The brush rolls designed for nozzle propelling have special characteristics to not abrade soft floor surfaces as will be seen. One type of brush roll, not used as a nozzle propelling member because it is coaxial with a wheel type nozzle propelling member, may be a conventional brush roll from the prior art.
The elongated, low profile nozzle is advantageously adapted for operator use of only one arm in the lateral sweeps relative the operator. The nozzle is narrow for easy entry between objects by manual push and pull. The need to push and pull is infrequenct but when required, is also easily performed with only one operator arm. The powered rotation of the propelling members combined with their rounded cylindrical ends, and being aligned with the handle and the operator's arm, allow easy movements in all directions across the work surface.
Another object is to provide apparatus not subject to the disadvantages outlined above for the prior art. Still another and a preferred object is to provide structure for improved utility over the assemblages, bulky and difficult to use machines of the prior art, while providing for a faster and a more enjoyable experience to the operator.
Other features and advantages of the invention will be apparent from the following description taken in connection with the following specification and accompanying drawings wherein:
FIG. 1 is a perspective view of the self propelled side sweeping apparatus on a work surface. It includes a fragmentary view of a general embodiment of the invention for illustrating directional arrangements of handle to nozzle, to nozzle propelling members and to direction of nozzle movement.
FIG. 2 is a longitudinal side view of a load bearing and brush roll type nozzle propelling member and certain associated elements taken along line L--L in FIG. 3. The illustration is partly in section, partly in perspective, and fragmentary where clarity and conventional elements allow simplicity.
FIG. 3 is a similar drawing of the bottom of the structure of FIG. 2.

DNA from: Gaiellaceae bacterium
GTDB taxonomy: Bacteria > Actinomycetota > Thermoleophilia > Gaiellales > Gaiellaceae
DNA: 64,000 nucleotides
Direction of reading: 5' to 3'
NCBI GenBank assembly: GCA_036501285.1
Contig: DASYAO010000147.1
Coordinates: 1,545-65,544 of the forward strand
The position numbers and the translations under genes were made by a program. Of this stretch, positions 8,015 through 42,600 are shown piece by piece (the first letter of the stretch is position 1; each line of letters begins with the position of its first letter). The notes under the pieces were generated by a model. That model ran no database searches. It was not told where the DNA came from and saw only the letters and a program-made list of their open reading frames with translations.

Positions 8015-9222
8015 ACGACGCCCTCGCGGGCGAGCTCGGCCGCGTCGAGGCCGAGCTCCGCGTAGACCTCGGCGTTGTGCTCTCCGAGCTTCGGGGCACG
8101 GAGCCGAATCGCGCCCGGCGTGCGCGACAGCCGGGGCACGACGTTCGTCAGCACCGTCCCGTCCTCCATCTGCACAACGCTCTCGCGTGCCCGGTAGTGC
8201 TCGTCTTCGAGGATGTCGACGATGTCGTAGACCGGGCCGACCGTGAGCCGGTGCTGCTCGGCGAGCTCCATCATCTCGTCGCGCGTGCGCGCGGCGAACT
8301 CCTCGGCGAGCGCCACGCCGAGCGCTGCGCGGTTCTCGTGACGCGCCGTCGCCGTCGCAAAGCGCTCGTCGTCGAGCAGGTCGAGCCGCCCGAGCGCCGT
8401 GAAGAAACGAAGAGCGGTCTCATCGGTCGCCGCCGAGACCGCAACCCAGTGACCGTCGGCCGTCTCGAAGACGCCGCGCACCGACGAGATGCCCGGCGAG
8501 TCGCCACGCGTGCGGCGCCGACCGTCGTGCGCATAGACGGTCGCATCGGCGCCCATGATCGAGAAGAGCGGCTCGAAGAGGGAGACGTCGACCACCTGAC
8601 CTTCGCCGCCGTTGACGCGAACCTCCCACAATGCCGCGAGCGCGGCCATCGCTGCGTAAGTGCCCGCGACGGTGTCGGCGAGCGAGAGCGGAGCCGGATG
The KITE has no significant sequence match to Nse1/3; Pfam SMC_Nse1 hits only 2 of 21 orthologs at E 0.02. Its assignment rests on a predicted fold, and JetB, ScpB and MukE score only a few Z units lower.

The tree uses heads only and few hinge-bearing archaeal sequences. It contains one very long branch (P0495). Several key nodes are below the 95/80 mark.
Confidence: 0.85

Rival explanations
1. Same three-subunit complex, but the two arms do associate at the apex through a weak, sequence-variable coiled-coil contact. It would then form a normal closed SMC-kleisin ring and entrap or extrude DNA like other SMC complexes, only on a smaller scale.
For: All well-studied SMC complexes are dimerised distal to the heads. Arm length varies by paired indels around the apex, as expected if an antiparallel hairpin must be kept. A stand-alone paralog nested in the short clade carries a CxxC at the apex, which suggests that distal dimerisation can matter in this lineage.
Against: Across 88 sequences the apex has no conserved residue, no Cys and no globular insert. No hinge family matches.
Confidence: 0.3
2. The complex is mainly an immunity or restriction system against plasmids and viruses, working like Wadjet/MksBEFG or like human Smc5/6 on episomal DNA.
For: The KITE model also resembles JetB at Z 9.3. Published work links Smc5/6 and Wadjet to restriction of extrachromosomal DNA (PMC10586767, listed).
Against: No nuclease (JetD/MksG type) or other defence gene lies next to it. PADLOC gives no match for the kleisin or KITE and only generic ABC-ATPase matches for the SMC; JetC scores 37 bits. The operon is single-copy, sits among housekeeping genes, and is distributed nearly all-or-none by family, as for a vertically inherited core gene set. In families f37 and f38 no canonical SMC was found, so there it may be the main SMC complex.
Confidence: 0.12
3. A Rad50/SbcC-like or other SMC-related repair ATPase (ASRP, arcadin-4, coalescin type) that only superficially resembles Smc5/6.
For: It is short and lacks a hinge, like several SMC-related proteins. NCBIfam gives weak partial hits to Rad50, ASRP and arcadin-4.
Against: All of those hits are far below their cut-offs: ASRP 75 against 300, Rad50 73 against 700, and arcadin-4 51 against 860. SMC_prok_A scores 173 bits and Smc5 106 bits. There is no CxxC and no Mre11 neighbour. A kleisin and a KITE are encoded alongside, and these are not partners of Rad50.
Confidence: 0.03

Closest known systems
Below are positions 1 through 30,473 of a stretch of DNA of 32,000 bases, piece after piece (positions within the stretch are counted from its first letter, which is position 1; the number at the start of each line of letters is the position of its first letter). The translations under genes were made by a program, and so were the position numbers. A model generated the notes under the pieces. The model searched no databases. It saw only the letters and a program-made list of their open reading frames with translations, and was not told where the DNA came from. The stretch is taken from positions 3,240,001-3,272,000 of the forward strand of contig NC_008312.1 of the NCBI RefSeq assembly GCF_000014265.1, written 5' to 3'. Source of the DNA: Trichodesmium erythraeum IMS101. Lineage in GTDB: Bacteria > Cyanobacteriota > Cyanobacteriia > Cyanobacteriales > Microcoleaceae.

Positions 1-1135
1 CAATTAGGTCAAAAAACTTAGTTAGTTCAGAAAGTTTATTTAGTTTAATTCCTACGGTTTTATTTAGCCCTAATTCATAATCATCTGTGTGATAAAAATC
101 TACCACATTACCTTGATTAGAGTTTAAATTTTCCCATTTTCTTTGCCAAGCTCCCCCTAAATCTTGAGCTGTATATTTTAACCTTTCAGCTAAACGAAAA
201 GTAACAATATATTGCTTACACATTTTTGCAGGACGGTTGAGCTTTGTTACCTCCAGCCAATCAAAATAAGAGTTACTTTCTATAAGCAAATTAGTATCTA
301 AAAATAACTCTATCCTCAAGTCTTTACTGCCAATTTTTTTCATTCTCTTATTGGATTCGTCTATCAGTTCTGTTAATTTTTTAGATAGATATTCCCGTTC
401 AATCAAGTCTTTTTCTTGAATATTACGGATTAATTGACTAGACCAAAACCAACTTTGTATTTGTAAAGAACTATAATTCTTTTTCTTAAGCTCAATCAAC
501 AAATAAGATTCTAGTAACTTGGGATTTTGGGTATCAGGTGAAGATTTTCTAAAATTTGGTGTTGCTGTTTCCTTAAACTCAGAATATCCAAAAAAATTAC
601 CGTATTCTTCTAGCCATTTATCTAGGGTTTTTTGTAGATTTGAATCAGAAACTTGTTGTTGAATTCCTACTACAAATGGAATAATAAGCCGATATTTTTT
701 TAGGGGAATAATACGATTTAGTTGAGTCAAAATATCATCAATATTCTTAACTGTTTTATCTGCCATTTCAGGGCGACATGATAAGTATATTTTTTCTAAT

FIG. 4 is a similar drawing of a front view of the structure in FIG. 2, particularly directed to the structure of the twin load bearing brush roll type nozzle propelling members in tandem taken along line M--M in FIG. 2.
FIG. 5 is a similar drawing of a side view of the same nozzle propelling member as in FIG. 2, but combining alternative transmission and power members adapted to location on the handle, and associated power remoting members.
FIG. 6 is a similar drawings and partly diagrammatic of the rear end of FIG. 5 taken along line P--P of FIG. 5.
FIG. 7 is a similar drawing of a rear view of FIG. 5 and partly broken away to show the belt drive.
FIG. 8 is a similar drawing of an alternative form of remoting power by flexible shaft compared to the rigid shaft of FIG. 5.
FIG. 9 is a longitudinal view of the load bearing nozzle propelling brush rolls of FIG. 2, but here in dual instead of in tandem as in FIG. 2. The drawing is partly in section and the more conventional members partly in perspective or fragmentary clarity.
FIG. 10 is a schematic and partly diagrammatic drawing of the front view of FIG. 9.
FIG. 11 is a schematic side view of an alternative form of handle and motor arrangements of apparatus with a mode of operation of that of FIG. 2.
FIG. 12 is schematic rear view of an alternative form of the structure of FIG. 4 with twin motors above the nozzle.
FIG. 13 is a schematic side view of the structure of FIG. 12.
FIG. 14 is a schematic end view of an alternative form of the structure of FIG. 12 with the twin motors mounted in the nozzle between the nozzle propelling members.
FIG. 15 is a schematic side view of an alternative form of the structure of FIG. 9 with twin motors mounted above the nozzle.